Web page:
Chronic pulmonary aspergillosis is a major cause of life-threatening hemoptysis. In symptomatic patients with simple aspergillomas, surgery is the main therapeutic method for preventing or treating life-threatening hemoptysis. However, the risks of both death and complications are higher in chronic cavitary pulmonary aspergillosis than in simple aspergilloma. We herein report two patients with persistent moderate hemoptysis due to chronic cavitary pulmonary aspergillosis who were not indicated for surgery, but were able to undergo successful long-term management with bronchial occlusion using silicone spigots. In diseases with a high recurrence rate of hemoptysis, the continuous placement of silicone spigots might therefore be effective to prevent rebleeding.
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http://dx.doi.org/10.2169/internalmedicine.0553-17DOI Listing
http://www.ncbi.nlm.nih.gov/pmc/articles/PMC6148162PMC
August 2018

A phase I trial of afatinib and bevacizumab in chemo-naïve patients with advanced non-small-cell lung cancer harboring EGFR mutations: Okayama Lung Cancer Study Group Trial 1404.

Lung Cancer 2018 01 28;115:103-108. Epub 2017 Nov 28.

Department of Respiratory Medicine and Allergy, Okayama University Hospital, 2-5-1, Shikata-cho, Okayama, Japan.

Objective: In advanced epidermal growth factor receptor (EGFR)-mutant non-small-cell lung cancer (NSCLC), treatment with afatinib, a second-generation EGFR-tyrosine kinase inhibitor (TKI), confers a significant survival benefit over platinum-based chemotherapy. The first-generation EGFR-TKIs gefitinib and erlotinib in combination with bevacizumab have improved progression-free survival. We hypothesized that the combination of afatinib with bevacizumab would further improve efficacy, and conducted a phase I trial to test this hypothesis.

Materials And Methods: Untreated patients with advanced EGFR-mutant NSCLC were enrolled. The primary endpoint was safety. Two doses of afatinib, 40mg/day (level 0) and 30mg/day (level -1), were evaluated in combination with 15mg/kg bevacizumab every 3 weeks. Optimal dosing was determined by dose-limiting toxicity (DLT), with the concentration at which ≤4 of 12 patients experienced toxicity considered the recommended dose.

Results: Nineteen patients were enrolled (level 0:5, level -1:14). Three of the five patients at level 0 experienced a DLT, which indicated that this dose was unfeasible. Three patients at level -1 developed a DLT of grade 3 non-hematological toxicity, which was soon resolved. Grade 3 or worse adverse events were experienced by all five patients at dose level 0 (diarrhea in 2, skin rash in 1, hypoxia in 1, and paronychia in 1), and by three patients at level -1 (diarrhea in 2 and anorexia in 1). Among 16 evaluable patients, 1 had a complete response, 12 had partial responses, and 0 had progressive disease.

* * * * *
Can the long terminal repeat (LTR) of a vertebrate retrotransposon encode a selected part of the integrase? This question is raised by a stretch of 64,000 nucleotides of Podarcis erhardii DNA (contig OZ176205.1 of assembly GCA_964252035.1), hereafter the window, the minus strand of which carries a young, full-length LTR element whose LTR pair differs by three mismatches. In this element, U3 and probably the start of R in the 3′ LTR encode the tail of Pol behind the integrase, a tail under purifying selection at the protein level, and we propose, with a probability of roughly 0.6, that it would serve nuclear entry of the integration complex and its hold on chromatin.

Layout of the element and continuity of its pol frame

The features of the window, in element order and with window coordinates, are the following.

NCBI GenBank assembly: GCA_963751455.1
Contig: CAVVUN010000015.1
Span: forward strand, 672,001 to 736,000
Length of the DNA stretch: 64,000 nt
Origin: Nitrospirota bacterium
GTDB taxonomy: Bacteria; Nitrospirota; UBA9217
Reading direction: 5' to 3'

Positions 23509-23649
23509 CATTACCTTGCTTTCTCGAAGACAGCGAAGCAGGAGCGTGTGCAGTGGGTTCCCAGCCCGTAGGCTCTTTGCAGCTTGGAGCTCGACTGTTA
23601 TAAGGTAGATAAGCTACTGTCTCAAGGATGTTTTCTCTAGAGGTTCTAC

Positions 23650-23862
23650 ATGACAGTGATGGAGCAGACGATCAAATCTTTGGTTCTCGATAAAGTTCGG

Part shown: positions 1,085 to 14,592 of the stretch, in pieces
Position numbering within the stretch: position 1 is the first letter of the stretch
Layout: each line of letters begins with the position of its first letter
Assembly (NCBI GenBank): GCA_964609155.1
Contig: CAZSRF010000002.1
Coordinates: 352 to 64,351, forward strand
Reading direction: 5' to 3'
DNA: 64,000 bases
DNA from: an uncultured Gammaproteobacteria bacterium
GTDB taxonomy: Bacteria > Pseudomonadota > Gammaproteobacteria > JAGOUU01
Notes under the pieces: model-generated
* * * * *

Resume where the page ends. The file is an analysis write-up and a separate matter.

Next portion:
Conclusion: Afatinib plus bevacizumab (level -1) was well tolerated and showed evidence of favorable disease control. This combination therapy may represent a potent therapeutic option for patients with EGFR-mutant NSCLC.
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http://dx.doi.org/10.1016/j.lungcan.2017.11.025DOI Listing
January 2018

Cerebral venous sinus thrombosis concomitant with leptomeningeal carcinomatosis, in a patient with epidermal growth factor receptor-mutated lung cancer.

Oncol Lett 2014 Dec 10;8(6):2489-2492. Epub 2014 Oct 10.

Department of Pulmonary Disease, Japanese Red Cross Okayama Hospital, Okayama 700-8607, Japan.

A 64-year-old woman presented with dizziness, after two weeks of experiencing symptoms. Chest computed tomography revealed a peripheral nodule in her left upper lobe, and brain magnetic resonance imaging (MRI) demonstrated the presence of multiple brain masses. The patient underwent whole-brain radiotherapy based on a tentative diagnosis of lung cancer with multiple brain metastases. The diagnosis was confirmed by endobronchial biopsy as T4N3M1b, stage IV lung adenocarcinoma with an epidermal growth factor receptor mutation. On the 31st day of hospitalization, the patient developed severe headache. Subsequent magnetic resonance venography revealed defects in the superior sagittal, right sigmoid, and right transverse venous sinuses and the right internal jugular vein. Anticoagulation therapy with unfractionated heparin and warfarin was immediately administered following diagnosis of cerebral venous sinus thrombosis (CVST). Brain MRI demonstrated leptomeningeal gadolinium enhancement in front of the pons and medulla. Positive cerebrospinal fluid tumor cytology confirmed the diagnosis of leptomeningeal carcinomatosis. Following four weeks of antithrombotic therapy, complete thrombolysis was confirmed by magnetic resonance venography. Effective treatment with gefitinib was administered, and the patient survived for 10 months after the diagnosis of CVST and leptomeningeal carcinomatosis. Adequate early diagnosis and treatment of CVST enabled an excellent survival rate for the patient, despite leptomeningeal carcinomatosis. Following the development of headaches in patients with lung cancer, CVST, although rare, should be considered. Furthermore, following a diagnosis of CVST, leptomeningeal carcinomatosis should be investigated as an underlying cause.
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http://dx.doi.org/10.3892/ol.2014.2603DOI Listing
http://www.ncbi.nlm.nih.gov/pmc/articles/PMC4214432PMC
December 2014